Studies of Entomological Parameters and Perception of Malaria Transmission on the Kwame Nkrumah University of Science and Technology campus, in the Ashanti Region of Ghana

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Malaria is a major public health problem in Ghana. Estimations are that 3.5 million people contract malaria every year. In order to develop effective control interventions targeted at reducing the malaria burden in any setting, it is important to understand the major factors that affect transmission and sustenance of the disease. The study was conducted on the Kwame Nkrumah University of Science and Technology (KNUST) campus to determine the vector species present and their roles in malaria transmission, map out areas of high malaria risk using GIS, and seek the perception of inhabitants of the KNUST campus on malaria. Monthly mosquito sampling surveys revealed the existence of varied larval habitat types within the area, mostly characterised by clear or turbid shallow and sunlit conditions, with the greatest larval density contributed, mainly by vegetable gardens and irrigated farmlands. A. gambiae Giles complex, A. funestus Giles complex and A. zieamanni Grunberg were the three Anopheles species that were identified from 843 Anopheles spp that were caught from all night human landing collection during the survey. Of the 3 species A. gambiae proved to be the main species, with a sporozoite index of 1.01% and 0.57% for the dry and rainy seasons respectively. An average entomological inoculation rate (EIR) of 0.059 infective b/m/n and an annual EIR of 22 ib/m/yr were estimated. The faculty area was identified as area with the highest malaria risk, with respect to entomological parameters that were measured during the period. A KAP survey revealed that respondents had high malaria knowledge with 97.4% of respondents relating malaria to mosquito bites. Some respondents on the other hand also thought that eating too much oil and long exposure to sunshine caused malaria. However, high knowledge of malaria did not necessarily result in correct attitudes and practices. This study reveals that though malaria transmission appeared low on the KNUST campus, misconceptions of some inhabitants on malaria transmission coupled with the high abundance of Anopheles gambiae Giles complex, on the KNUST campus could result in high levels of transmission if an infectious gametocyte pool comes into play. The study also provides a GIS based malaria information, which needs to be considered and integrated into the design and implementation of future malaria control interventions on the KNUST campus and its immediate surroundings. Educational programs aimed at increasing awareness on the correct attitudes and practices towards malaria transmission could promote community participation for effective malaria control in the study area.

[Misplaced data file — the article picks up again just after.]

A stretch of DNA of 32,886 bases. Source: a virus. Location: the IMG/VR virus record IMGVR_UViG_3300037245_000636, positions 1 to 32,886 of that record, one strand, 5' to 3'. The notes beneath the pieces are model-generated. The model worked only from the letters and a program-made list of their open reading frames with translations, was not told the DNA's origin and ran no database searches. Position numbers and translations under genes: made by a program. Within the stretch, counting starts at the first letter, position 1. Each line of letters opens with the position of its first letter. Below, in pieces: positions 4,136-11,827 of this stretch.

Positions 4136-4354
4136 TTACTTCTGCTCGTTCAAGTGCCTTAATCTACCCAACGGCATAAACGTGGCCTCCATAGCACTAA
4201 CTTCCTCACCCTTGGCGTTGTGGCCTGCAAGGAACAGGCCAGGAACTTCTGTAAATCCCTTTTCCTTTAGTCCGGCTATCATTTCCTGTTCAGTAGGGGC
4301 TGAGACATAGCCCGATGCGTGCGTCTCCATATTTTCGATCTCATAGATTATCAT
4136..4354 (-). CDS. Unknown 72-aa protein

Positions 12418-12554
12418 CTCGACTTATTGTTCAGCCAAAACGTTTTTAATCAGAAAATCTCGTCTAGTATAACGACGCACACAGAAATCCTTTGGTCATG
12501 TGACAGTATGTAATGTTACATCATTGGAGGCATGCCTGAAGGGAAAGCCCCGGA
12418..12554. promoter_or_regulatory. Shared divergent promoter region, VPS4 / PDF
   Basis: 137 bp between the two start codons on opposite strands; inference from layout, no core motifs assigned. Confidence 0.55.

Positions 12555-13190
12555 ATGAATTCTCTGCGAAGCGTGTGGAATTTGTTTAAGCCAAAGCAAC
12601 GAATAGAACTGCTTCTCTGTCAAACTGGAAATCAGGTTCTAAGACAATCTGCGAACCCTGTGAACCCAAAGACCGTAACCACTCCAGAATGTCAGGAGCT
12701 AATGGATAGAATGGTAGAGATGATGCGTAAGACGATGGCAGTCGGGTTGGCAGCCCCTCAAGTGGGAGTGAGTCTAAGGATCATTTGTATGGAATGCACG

A Thesis submitted for the award of a degree of Master of Science in Clinical Microbiology